Empathy is one of those soft skills that are harder to nurture, but the reward itself is that much higher. The world of business knows plenty of examples when empathy helped achieve better results. George Anders even predicts empathy becoming the number one must-have job skill by 2020.
“We still need people to step into the situations where — to put it bluntly — my team's algorithms don't mesh with your team's algorithms. In such situations, the human touch is essential.” (G. Anders)
Team manager is, in essence, a juggler. No matter what size the team is, it is up to him to keep everything in check. When it comes to working with remote teams, the core idea is that you have to allow flexible hours yet maintain consistency.
That is to say, a concrete plan is a must, but you should be open to adjusting strategies at the same time.
It is best to make friends with OKR system, as it will help with the burden of staying organized. Remote workers should be metrics-driven, as numbers give a much clearer assessment of how far with the progress they are.
As an example of a well-built hierarchy of objectives, Weekdone uses three-level OKR system. It takes into account company objectives, team objectives, and personal objectives. This allows for a much deeper goal-setting and makes distributing your performance plan quick and easy.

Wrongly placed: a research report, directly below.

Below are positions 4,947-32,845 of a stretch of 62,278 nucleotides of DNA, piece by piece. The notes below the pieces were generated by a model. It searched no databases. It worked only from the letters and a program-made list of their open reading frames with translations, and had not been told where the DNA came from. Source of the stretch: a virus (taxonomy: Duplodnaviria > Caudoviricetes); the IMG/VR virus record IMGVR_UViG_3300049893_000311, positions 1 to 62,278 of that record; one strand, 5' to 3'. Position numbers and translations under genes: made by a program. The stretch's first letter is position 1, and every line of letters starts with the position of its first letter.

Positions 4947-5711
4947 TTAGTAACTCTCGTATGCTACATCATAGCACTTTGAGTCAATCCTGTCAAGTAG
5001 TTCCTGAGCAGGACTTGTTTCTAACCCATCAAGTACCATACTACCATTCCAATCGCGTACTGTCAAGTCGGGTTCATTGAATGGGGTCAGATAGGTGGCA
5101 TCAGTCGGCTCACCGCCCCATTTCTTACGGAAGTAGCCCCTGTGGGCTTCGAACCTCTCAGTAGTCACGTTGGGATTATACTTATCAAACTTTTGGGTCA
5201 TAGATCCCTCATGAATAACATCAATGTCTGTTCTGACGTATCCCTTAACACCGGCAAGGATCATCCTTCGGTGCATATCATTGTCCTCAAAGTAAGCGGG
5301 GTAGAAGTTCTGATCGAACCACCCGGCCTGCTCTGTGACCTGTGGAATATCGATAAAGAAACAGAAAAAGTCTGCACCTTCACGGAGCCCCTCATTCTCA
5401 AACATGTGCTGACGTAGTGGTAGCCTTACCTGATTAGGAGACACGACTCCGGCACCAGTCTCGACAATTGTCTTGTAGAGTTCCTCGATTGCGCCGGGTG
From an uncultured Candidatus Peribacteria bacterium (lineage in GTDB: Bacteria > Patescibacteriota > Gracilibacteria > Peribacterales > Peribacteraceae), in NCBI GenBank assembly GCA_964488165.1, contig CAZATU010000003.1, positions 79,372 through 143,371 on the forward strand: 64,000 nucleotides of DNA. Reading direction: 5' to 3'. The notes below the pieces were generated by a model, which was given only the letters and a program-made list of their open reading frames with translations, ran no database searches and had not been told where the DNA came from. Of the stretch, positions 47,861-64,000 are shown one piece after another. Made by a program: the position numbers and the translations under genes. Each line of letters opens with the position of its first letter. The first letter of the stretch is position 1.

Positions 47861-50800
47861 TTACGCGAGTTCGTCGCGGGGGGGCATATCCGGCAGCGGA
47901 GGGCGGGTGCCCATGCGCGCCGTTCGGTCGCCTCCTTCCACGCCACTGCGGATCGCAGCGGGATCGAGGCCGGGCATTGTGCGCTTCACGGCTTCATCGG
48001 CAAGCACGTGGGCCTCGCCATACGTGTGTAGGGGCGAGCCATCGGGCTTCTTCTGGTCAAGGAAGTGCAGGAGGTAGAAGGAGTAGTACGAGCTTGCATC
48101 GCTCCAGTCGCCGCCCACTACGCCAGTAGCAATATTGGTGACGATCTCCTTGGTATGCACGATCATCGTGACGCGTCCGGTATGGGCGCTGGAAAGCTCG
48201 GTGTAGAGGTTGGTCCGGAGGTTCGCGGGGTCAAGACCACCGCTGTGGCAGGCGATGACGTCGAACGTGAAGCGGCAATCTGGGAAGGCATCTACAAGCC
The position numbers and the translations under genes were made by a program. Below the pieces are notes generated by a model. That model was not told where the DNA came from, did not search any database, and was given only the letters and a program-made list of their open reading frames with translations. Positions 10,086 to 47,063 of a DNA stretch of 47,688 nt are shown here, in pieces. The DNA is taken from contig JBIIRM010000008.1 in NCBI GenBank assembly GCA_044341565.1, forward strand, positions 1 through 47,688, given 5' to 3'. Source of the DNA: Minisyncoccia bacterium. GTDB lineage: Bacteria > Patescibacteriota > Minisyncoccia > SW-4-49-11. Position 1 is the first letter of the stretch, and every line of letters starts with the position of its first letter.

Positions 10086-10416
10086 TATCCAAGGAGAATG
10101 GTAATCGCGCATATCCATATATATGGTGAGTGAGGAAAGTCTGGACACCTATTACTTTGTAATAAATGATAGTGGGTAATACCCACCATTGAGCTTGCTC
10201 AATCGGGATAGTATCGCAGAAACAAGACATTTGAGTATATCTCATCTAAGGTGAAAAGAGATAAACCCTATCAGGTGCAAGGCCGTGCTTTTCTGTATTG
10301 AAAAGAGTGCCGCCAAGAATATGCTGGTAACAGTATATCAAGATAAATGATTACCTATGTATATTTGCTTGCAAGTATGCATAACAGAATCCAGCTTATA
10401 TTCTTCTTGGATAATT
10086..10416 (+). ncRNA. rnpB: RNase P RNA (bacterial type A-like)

One common method of managing teams, especially when it comes to remote teams, is by building trust. Employees need to trust that their managers are looking out for their best interest. On the other hand, managers need to trust that their employees are engaged and motivated at work.
David W. Ballard, head of APA’s Center for Organizational Excellence, says that trust “plays an important role in the workplace and affects employees’ well-being and job performance”.
Part of this trust is built during the hiring process – selecting candidates who are self-motivated – and the rest is built over time with each positive interaction. Manager needs to let go of the urge to control what people are doing. There is a misconception that it is manager’s duty to manage people.
In his article The Best Way to Manage People is Don’t, Bill Effinger points out that ”a successful manager manages a business but works with people in a free-flowing exchange of ideas, effort, and integrity“.
By keeping others informed, you keep them engaged.
While we’re on the topic of trust and finite sources, there is also patience.
In a new remote team, the team members have to adjust to each other. It may take from several weeks to a couple of months.